I've been looking around for a standard treatment of what I think sould be called "equivariant cup product in singular cohomology", but couldn't find anything promissing.

I did played around with what I expect this to be, so maybe you can tell me whether

(a) this is known and written out somewhere (idealy in some axiomatic way), or

(b) this is the right way to define the cup product in this setting.

So let's get started:

Consider an oriented finite dimensional smooth Riemannian manifold $(M,g)$ together with a regular covering map $$\pi \colon \tilde{M} \to M,$$ where $\tilde{M}$ is equipped with the pullback metric $\tilde{g}:=\pi^*g$.

Let us assume that the group of deck transformations $\Gamma$ is isomorphic to $\mathbb{Z}^k$, for some $k$ positive integer. Then we can define the cochain complex $$\left(S^{\bullet}(\tilde{M};\mathbb{Z}) \otimes_{\mathbb{Z}[\Gamma]}N, \delta \otimes \text{id}\right),$$ where $\mathbb{Z}[\Gamma]$ is the group ring w.r.t. $\Gamma$ and $N$ is some module over this group ring (note that we don't have to specify left and right actions, for $\mathbb{Z}[\Gamma]$ is commutative). $S^{\bullet}$ obviously denotes singular cohomology.

My idea now was to define a "cochain cup product" on this chain complex as follows:

$$\cup \colon \left(S^p(\tilde{M};\mathbb{Z})\otimes_{\mathbb{Z}[\Gamma]}N\right) \otimes_{\mathbb{Z}[\Gamma]}\left(S^q(\tilde{M};\mathbb{Z})\otimes_{\mathbb{Z}[\Gamma]}N\right) \longrightarrow S^{p+q}(\tilde{M};\mathbb{Z})\otimes_{\mathbb{Z}[\Gamma]}\left(N\otimes_{\mathbb{Z}[\Gamma]}N\right),$$ where $$(\varphi \otimes n_1)\cup (\psi \otimes n_2):=(\varphi \cup \psi) \otimes (n_1\otimes n_2)$$ and the cup on the RHS is the usual cup product in singular cohomlogy.

Note that lots of the assumption I made are superfluous or could be phrased more generally, but this is more or less the setting I'm working with (maybe it turns out that in this setting some complications become trivial and so on...).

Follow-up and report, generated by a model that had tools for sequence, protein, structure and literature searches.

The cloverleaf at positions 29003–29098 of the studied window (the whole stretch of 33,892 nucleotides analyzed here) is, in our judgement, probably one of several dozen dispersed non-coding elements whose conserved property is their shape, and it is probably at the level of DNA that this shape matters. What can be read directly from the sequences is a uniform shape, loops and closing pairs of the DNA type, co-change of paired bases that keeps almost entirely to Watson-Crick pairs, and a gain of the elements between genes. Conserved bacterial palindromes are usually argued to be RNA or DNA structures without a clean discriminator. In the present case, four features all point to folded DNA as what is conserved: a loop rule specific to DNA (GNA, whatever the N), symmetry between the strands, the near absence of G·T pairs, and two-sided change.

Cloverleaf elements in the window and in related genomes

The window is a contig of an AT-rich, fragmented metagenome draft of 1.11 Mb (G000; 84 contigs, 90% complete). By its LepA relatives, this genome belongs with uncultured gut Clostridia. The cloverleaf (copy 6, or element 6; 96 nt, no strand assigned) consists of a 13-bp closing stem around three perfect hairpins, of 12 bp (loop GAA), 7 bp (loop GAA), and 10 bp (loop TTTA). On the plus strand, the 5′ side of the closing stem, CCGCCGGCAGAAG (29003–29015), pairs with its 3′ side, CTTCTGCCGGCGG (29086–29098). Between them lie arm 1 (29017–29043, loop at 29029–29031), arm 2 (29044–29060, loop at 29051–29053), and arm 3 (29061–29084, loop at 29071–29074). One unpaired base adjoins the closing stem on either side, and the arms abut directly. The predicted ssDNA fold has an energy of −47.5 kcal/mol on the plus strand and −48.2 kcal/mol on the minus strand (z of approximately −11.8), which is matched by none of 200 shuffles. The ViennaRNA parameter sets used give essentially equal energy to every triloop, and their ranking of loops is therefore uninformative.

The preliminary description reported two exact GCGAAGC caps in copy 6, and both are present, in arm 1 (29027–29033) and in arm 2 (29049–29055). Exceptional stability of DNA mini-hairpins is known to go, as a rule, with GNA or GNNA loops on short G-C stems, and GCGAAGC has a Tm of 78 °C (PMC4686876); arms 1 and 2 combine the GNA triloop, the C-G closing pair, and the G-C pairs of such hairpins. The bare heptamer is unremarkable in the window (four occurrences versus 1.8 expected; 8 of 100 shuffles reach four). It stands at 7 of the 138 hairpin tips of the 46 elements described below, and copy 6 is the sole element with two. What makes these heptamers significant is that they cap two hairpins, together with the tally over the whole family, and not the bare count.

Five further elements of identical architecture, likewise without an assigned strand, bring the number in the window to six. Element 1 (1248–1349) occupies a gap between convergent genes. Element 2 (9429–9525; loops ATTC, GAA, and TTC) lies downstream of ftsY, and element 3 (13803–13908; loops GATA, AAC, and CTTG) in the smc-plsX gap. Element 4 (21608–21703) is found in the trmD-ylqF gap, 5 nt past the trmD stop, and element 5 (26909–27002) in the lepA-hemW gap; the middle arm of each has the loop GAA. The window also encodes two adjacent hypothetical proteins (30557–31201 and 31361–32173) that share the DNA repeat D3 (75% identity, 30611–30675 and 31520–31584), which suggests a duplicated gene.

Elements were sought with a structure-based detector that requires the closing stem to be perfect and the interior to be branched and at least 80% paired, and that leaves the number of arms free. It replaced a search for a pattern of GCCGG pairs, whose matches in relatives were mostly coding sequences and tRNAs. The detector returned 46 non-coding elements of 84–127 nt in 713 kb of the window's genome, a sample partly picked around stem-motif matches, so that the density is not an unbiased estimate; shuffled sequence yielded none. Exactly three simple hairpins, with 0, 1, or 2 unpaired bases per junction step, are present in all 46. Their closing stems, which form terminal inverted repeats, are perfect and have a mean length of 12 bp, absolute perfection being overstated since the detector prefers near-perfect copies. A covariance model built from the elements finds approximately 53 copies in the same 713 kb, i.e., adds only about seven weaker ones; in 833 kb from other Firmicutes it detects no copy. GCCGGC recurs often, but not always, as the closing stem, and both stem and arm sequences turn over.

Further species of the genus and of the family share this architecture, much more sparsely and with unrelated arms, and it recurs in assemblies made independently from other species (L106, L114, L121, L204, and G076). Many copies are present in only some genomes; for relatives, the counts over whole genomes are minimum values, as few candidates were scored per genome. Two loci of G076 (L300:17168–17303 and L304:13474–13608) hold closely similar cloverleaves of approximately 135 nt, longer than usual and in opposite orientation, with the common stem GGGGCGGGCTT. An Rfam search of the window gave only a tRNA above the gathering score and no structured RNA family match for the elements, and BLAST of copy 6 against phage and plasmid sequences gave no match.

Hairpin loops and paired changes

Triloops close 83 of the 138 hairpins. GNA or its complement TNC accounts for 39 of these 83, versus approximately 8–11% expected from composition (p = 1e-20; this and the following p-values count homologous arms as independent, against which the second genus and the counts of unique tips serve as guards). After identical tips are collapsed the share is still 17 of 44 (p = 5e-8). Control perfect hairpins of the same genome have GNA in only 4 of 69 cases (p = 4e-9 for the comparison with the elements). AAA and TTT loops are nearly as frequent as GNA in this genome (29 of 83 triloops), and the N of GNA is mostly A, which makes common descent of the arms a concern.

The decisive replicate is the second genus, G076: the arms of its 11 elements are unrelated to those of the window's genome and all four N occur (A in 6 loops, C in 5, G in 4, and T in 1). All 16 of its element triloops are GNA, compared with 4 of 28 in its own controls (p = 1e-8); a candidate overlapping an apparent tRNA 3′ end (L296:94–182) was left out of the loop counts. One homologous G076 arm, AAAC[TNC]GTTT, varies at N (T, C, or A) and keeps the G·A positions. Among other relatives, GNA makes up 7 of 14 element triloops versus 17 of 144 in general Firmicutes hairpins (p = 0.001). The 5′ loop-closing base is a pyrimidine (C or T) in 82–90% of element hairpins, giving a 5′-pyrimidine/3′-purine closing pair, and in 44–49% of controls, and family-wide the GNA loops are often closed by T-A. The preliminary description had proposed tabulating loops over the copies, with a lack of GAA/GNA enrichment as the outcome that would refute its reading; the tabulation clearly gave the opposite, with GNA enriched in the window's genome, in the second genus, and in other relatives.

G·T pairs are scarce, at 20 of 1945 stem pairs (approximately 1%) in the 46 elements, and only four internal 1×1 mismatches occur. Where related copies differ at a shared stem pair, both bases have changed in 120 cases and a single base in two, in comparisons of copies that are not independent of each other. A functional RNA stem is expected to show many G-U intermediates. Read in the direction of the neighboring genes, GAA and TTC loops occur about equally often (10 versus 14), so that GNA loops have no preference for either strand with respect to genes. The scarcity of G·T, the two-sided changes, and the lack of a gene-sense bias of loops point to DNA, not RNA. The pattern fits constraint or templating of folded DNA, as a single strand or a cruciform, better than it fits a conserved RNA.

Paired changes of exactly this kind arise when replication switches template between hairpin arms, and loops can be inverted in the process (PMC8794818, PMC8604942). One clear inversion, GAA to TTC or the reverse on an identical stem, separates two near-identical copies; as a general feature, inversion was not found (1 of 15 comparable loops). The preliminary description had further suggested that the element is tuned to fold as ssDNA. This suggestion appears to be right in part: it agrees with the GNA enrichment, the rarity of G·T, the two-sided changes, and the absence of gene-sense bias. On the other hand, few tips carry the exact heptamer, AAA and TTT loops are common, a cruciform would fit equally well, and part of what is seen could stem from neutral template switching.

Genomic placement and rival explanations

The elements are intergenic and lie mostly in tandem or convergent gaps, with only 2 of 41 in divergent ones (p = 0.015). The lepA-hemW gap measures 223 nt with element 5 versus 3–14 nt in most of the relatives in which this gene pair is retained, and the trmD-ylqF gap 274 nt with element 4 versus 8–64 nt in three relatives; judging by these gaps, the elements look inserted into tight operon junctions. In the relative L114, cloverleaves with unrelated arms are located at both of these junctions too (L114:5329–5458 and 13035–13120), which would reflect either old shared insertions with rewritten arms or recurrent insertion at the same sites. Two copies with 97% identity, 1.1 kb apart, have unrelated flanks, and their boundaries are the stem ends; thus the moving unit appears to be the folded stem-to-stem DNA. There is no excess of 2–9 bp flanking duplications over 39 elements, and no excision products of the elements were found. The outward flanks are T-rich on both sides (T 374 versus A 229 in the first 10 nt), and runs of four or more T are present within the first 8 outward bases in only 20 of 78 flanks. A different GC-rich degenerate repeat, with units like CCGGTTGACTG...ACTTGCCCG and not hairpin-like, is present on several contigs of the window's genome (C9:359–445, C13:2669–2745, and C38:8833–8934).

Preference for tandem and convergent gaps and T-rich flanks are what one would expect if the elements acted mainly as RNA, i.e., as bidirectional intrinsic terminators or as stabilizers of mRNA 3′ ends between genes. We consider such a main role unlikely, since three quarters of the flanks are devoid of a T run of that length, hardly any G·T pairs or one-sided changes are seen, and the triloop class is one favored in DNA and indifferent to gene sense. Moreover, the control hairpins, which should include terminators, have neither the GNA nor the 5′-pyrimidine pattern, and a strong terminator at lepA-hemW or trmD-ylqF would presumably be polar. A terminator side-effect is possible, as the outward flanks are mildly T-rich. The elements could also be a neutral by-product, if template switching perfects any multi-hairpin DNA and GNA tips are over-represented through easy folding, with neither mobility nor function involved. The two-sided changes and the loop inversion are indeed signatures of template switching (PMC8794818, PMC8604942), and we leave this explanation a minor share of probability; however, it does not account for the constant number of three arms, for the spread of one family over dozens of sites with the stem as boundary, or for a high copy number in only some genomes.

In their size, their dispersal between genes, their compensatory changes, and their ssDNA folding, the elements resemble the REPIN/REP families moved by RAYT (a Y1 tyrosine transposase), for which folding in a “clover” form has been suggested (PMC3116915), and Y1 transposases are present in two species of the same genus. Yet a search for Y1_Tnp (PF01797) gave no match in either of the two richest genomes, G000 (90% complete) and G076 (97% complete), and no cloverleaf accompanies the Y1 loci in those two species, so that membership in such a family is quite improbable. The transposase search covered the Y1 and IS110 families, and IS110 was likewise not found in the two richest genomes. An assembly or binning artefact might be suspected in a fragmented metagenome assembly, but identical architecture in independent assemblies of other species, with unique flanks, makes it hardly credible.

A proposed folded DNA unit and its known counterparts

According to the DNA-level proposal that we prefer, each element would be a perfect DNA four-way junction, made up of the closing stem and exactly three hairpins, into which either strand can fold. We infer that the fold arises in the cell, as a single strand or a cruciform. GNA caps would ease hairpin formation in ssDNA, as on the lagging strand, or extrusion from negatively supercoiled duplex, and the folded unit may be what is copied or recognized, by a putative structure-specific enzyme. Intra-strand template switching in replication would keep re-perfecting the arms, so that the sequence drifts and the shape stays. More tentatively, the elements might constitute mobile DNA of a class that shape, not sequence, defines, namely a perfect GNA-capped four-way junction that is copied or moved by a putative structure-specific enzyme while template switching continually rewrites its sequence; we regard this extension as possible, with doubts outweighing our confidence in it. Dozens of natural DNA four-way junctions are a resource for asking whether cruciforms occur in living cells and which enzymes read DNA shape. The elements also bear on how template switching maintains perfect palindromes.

And $\mathbb{Z}_2$ coefficients are sufficient for what I need (maybe this also makes things easier as $\mathbb{Z}_2$ is a field).

Every helpful comment is greatly appreciated, thank you!


It seems that my guess was incorrect. In Eilenberg and Steenrod's "Foundations of Algebraic Topology" on page 209 there is a definition of equivariant homology AND cohomology. Applying this general definition to our special case gives us the following equivariant cochain complex


Also, they claim in the book that equivariant homology/cohomology is a homology theory (where everything is equivariant, roughly speaking). So maybe understanding the corresponding Eilenberg-Zilber morphism and the induced map coming from the diagonal embedding (or more generally any diagonal approximation) migth lead to an answer...


I found some more papers by Eilenberg and by Steenrod. Eilenberg gives a definition of an equivariant cup product in equivariant singular cohomology (see "Homology of Spaces with Operators"), but he uses an extra assumption that ensures that the cup product of two equivariant cochains is an equivariant cochain again. This assumption however, does not hold in my setting (if I understand correctly).

The paper by Steenrod "Homology with Local Coefficients" gives a definition using a CW-decomposition and cellular homology, which seems too far away from what I possibly want.


1 Answer 1


I think I have about 70% of a complete answer now. The main idea basically comes from chapter 1 in this paper by Greenblatt.

Let me change our setting:

Consider a finite dimensional manifold $M$ together with a (finite) CW-decomposition. Let $$p \colon \tilde{M} \to M$$ be a regular cover with an abelian group of deck transformations (so that we don't have to worry about left and right actions). Denote $$\pi:= \text{Deck}(\tilde{M}).$$

Let $C_{\bullet}(\tilde{M})$ be the cellular chain complex (note that $\tilde{M}$ has CW-decomposition because $M$ has one). Let $G$ be a $\pi$-module.

Now we can define the equivariant cochain complex $$\hom_{\mathbb{Z}[\pi]}\left(C_{\bullet}(\tilde{M}),G\right).$$

Note the following: The group ring $\mathbb{Z}[\pi \times \pi]$ is isomorphic to $\mathbb{Z}[\pi] \otimes \mathbb{Z}[\pi]$. Thus we can define the equivariant cochain complex $$\hom_{\mathbb{Z}[\pi \times \pi]}\left(C_{\bullet}(\tilde{M}) \otimes C_{\bullet}(\tilde{M}), G \otimes G\right).$$